It can hurt to insert a tampon, but it shouldn't - pain is not normal when using tampons.It can hurt if you're not relaxed enough when inserting tampons because the vaginal walls clench together when you're tense, thus you'd be pushing against vaginal walls when inserting tampons. If you use too high an absorbency or if you use tampons you're allergic to this can cause pain, as too will using tampons without sufficient flow. You can also experience pain if you don't insert at an angle or if you don't insert the tampon high enough in the vagina.
Tampons shouldn't hurt you at all if using correctly and if you're relaxed.Make sure you're inserting far enough into the vagina and inserting at the correct angle, it's also important you're relaxed when inserting. Also always use lowest absorbency for your flow, it's a good idea to opt for hypoallergenic cotton tampons too to rule-out risk of allergic reaction.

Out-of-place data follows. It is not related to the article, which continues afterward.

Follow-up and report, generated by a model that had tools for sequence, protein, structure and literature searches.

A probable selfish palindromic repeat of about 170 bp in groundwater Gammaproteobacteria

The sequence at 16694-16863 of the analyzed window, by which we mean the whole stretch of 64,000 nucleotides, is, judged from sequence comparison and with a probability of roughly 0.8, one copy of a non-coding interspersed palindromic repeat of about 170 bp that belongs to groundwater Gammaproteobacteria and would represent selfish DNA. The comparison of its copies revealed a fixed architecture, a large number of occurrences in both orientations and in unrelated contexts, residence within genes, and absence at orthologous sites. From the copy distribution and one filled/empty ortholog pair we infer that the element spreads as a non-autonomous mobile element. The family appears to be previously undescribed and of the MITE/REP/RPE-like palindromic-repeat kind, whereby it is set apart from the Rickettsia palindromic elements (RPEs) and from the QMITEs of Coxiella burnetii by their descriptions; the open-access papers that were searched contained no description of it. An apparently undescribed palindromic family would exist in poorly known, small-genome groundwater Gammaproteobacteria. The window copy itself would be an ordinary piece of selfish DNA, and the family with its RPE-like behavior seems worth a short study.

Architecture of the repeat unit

Look, it's probably gonna hurt at least a little no matter what. The tampon is larger than your vagina, when it stretches, it probably will hurt a little; but if it hurts really badly, don't force it
No, it shouldn't be painful to use tampons for the first time. Your vagina is the same before using tampons as it is after using tampons, there's nothing that changes to mean tampons would cause pain the first time you use them but then be fine after that. Tampons can hurt if you don't use them correctly: using too high an absorbency, not relaxing enough during insertion, pushing into a vaginal wall rather than through the vaginal canal, or not inserting high enough. Tampons can also hurt if they push into your cervix, they can increase cramps, and rayon tampons contain various ingredients that can cause irritation or allergic reaction.